The new fee, suggested by the Cape Porpoise Pier Committee, would be $30 per year for a tidal-water permit, and $60 when mooring in deep water. Payment is due by May 1, along with a mooring inspection certification to be placed on file with Harbormaster Lee McCurdy.

However, some residents pointed out that determining who pays which fee, particularly along Goose Rocks Beach — which remains mired in legal limbo over public access rights — could present its own special kind of headache.

“There are moorings there that would technically be classified in the intertidal zone that is in dispute,” said Larrabee. “I don’t know if you really want to poke that sleeping bear.”

Town officials say the new permit fee, which applies to all moorings except those in the Kennebunk River, and those that belong to members of the Cape Porpoise Pier, will become part of the annual budget for the pier. Smith said in a Dec. 20 email that mooring fees are already included in dues paid by pier members. Those fees range from $400 per year for recreational use of the pier, to $605 for commercial boats, with a $310 add-on to tie up a punt.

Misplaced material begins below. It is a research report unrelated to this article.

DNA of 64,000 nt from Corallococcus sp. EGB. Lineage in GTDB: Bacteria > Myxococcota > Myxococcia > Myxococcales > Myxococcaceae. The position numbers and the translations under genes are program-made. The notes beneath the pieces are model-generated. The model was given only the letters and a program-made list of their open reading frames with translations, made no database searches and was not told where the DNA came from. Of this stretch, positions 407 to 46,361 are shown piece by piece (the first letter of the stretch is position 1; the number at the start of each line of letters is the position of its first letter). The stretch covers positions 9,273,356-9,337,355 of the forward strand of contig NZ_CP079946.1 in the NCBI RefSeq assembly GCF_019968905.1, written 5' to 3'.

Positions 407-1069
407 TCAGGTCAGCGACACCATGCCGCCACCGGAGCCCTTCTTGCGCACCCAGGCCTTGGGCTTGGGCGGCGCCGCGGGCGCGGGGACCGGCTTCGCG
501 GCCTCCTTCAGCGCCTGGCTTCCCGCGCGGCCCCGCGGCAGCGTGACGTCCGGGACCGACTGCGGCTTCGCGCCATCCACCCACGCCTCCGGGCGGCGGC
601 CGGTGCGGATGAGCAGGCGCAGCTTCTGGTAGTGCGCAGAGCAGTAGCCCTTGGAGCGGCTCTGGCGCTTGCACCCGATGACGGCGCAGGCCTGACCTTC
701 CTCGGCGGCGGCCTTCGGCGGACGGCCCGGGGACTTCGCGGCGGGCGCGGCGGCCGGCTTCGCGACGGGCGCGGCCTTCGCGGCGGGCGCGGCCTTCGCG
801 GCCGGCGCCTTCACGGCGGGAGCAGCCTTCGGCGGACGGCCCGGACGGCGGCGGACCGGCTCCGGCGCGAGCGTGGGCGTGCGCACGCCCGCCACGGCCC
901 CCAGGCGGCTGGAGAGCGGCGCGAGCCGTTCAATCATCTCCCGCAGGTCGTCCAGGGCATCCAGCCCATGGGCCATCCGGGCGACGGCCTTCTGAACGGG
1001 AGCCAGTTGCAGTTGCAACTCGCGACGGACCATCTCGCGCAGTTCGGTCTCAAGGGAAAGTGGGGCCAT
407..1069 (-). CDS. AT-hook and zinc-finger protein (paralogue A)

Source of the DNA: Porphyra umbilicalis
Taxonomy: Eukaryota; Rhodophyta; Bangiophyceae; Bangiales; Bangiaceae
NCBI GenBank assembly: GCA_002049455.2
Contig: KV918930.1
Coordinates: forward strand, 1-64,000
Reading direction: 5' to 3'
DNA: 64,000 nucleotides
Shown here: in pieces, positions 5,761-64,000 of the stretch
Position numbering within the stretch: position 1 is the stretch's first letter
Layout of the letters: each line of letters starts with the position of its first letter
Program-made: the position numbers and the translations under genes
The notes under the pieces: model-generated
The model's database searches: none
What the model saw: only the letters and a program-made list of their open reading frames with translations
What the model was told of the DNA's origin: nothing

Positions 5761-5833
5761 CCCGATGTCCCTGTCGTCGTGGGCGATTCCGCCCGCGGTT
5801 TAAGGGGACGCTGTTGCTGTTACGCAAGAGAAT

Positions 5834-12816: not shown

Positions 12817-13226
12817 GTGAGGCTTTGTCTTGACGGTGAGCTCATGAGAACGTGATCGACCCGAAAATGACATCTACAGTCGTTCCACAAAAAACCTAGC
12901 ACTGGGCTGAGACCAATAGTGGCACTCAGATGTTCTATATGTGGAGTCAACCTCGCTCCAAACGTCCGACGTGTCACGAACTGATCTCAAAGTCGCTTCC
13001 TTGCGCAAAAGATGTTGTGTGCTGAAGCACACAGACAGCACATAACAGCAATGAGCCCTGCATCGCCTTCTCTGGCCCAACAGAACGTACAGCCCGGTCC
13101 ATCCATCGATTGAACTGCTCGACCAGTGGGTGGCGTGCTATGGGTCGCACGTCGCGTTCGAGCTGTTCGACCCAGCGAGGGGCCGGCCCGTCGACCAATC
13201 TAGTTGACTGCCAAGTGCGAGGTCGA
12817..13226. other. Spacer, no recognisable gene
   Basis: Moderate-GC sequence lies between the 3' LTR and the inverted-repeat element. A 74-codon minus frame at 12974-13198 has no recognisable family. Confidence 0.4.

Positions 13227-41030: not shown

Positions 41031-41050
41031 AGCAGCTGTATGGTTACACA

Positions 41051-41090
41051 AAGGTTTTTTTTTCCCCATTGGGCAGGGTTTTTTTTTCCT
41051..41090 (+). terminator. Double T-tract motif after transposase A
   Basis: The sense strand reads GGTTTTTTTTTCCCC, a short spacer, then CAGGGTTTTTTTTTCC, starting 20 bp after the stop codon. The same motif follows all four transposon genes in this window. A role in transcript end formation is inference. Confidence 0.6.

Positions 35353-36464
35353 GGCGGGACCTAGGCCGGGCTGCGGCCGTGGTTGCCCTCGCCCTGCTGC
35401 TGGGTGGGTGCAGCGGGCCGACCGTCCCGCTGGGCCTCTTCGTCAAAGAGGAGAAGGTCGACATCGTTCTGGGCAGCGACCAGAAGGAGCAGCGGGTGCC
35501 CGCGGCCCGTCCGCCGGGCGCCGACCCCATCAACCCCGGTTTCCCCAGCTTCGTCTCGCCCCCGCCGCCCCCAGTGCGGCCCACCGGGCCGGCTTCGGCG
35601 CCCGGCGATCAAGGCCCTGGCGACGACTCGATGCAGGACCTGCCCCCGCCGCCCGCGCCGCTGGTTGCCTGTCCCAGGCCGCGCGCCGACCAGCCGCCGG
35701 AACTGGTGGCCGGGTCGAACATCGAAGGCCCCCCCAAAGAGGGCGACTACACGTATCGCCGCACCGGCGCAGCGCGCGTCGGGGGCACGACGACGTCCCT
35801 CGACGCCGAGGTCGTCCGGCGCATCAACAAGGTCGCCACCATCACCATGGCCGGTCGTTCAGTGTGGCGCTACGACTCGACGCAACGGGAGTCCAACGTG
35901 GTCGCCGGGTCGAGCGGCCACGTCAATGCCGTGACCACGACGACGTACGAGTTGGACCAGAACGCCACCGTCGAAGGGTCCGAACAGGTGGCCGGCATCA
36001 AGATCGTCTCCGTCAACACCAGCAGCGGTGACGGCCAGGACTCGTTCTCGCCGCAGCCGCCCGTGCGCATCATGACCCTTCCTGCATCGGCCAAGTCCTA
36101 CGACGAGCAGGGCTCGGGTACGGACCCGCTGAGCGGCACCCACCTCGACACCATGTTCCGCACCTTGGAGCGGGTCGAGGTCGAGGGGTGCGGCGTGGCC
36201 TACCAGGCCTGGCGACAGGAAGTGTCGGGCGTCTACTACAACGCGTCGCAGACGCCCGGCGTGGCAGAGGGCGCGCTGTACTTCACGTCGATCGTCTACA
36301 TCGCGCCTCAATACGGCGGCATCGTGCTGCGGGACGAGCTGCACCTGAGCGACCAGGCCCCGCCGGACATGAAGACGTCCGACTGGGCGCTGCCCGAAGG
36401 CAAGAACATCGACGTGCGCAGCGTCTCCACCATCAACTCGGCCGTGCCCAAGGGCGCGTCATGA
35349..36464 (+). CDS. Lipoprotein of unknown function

According to Smith, the new fee will be used to offset the cost of patrolling and regulating moorings in Cape Porpoise, Goose Rocks, Turbat’s Creek, Paddy Creek and Land’s End, as well as other areas between Goose Rocks Beach and Walker’s Point.

Paddy Creek Road resident Dan Beard said he could tolerate a mooring fee in Cape Porpoise if it went to pier maintenance. After all, he also moors there and docks at the pier “two or three times per year” to gas up.

But so-called outlying areas, like Paddy Creek, should be left alone, he said.